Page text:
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PFNI backs inquiry calls into Cookstown tragedy

Northern Ireland officers have backed an inquiry into the deaths of three Northern Ireland teenagers in 2019.

Calls for an inquiry into the deaths of three young people outside a St Patrick's Night disco in have been backed by Northern Ireland’s policing leaders.

The Police Federation for Northern Ireland said it was vital that the causes of and responses to the incident were reviewed.

Connor Currie, 16, Lauren Bullock, 17 and Morgan Barnard,16, died in a crush outside a St Patrick’s night disco in 2019 at the Greenvale Hotel in Cookstown.

The PSNI’s Major Investigation Team submitted an interim file which contains a substantial amount of material to the Public Prosecution Service in 2020 and the case is on-going.

The Police Ombudsman is investigating how Police Service of Northern Ireland reacted to the incident.

An initial review included looking at the conduct of five officers on the night.

It has also since raised concerns over health and safety issues as a result of its investigation into the incident.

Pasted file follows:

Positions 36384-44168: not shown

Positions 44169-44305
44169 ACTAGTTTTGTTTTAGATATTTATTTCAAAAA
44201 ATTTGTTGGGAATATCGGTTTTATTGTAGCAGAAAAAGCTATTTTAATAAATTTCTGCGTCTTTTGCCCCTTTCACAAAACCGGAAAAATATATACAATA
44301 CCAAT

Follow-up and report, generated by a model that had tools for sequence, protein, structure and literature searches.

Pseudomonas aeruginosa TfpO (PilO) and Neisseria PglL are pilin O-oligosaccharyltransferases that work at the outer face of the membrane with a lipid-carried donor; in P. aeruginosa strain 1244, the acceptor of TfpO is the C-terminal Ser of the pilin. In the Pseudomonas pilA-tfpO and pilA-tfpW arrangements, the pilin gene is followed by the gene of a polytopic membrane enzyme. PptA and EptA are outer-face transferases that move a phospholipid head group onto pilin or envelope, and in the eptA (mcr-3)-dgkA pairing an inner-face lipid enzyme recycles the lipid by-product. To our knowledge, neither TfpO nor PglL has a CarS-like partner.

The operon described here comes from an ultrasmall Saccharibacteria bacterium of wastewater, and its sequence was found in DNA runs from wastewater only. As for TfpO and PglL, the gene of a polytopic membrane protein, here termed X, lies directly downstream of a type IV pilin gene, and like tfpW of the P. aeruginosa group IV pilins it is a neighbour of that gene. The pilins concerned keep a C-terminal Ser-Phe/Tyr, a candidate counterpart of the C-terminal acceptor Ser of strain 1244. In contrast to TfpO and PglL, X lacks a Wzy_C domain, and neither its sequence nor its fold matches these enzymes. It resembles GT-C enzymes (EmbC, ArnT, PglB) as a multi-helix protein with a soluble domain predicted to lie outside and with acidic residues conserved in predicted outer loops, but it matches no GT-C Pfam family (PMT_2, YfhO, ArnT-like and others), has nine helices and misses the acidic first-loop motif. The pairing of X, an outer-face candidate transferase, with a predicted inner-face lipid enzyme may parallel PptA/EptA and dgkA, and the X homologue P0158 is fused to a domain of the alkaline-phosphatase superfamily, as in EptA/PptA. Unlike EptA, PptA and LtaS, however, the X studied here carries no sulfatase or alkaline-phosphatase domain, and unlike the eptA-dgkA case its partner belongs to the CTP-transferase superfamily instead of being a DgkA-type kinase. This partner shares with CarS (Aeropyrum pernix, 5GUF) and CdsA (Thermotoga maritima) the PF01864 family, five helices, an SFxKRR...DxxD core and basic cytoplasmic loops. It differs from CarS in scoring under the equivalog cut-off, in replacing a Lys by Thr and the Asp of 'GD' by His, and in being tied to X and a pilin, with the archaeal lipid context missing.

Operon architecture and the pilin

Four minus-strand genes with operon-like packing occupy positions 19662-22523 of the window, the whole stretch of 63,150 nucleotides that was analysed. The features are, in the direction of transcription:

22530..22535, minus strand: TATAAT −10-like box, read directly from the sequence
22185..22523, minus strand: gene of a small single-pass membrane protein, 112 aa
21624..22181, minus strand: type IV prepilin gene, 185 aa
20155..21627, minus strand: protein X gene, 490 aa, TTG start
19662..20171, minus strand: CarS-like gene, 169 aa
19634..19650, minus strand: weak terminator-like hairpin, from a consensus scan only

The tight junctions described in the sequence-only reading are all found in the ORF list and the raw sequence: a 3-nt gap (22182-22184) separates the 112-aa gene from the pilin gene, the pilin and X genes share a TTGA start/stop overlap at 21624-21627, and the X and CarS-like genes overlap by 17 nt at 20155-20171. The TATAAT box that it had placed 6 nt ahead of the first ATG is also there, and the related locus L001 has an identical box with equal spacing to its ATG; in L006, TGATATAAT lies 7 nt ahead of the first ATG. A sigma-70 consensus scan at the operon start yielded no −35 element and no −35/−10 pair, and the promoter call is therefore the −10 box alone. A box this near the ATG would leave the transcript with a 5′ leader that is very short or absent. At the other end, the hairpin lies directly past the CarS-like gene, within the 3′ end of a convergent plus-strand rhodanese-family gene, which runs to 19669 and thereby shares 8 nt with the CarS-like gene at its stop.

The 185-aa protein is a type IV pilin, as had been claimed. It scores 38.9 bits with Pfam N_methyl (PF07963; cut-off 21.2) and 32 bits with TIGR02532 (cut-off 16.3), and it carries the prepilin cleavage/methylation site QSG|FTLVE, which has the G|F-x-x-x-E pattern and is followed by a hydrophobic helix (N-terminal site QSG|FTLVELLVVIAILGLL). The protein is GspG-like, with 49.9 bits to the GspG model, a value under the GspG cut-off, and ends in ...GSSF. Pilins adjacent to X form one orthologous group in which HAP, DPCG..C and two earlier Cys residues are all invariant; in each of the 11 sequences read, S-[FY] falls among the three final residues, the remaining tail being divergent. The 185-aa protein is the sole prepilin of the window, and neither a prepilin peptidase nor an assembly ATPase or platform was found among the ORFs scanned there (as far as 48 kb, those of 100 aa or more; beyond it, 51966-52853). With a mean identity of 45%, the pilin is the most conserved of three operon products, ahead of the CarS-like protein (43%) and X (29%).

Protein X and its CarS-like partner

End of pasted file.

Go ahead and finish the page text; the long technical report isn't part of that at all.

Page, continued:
Representatives of the blue light teams who responded that night say they had never dealt with an incident of this kind before. But there is also concern that no real progress has been made two years’ on.

The Chair of the PFNI, Mark Lindsay, said official bodies needed to understand the circumstances so any gaps in legislation or training could be changed.

Mr Lindsay said: “I agree with the families of the young victims that there should be an enquiry into the causes and responses to the incident, which examines the roles of the various agencies involved and that of the event organisers. The sooner this happens, the more comfort it will bring to all those affected by this terrible tragedy.”

“I have no doubt whatsoever that my colleagues who attended this shocking and tragic incident did their best in what were unique and challenging circumstances. They responded in a timely manner to a scene that was no doubt filled with confusion, which no emergency services encountered here before,” he said.

The PSNI revealed just how complex the case had been.

Detective Superintendent Eamonn Corrigan said:  “Over 1,300 witness statements have been taken and more than 140 young people have been interviewed by specially trained officers.

“In total, 11 individuals have been interviewed by police in connection with a range of criminal offences and we await the response of the Public Prosecution Service.

"The file of evidence contains significant amounts of material and may take some time for the PPS to consider. Because these matters are now being considered by the PPS, it would not be appropriate to comment further.”

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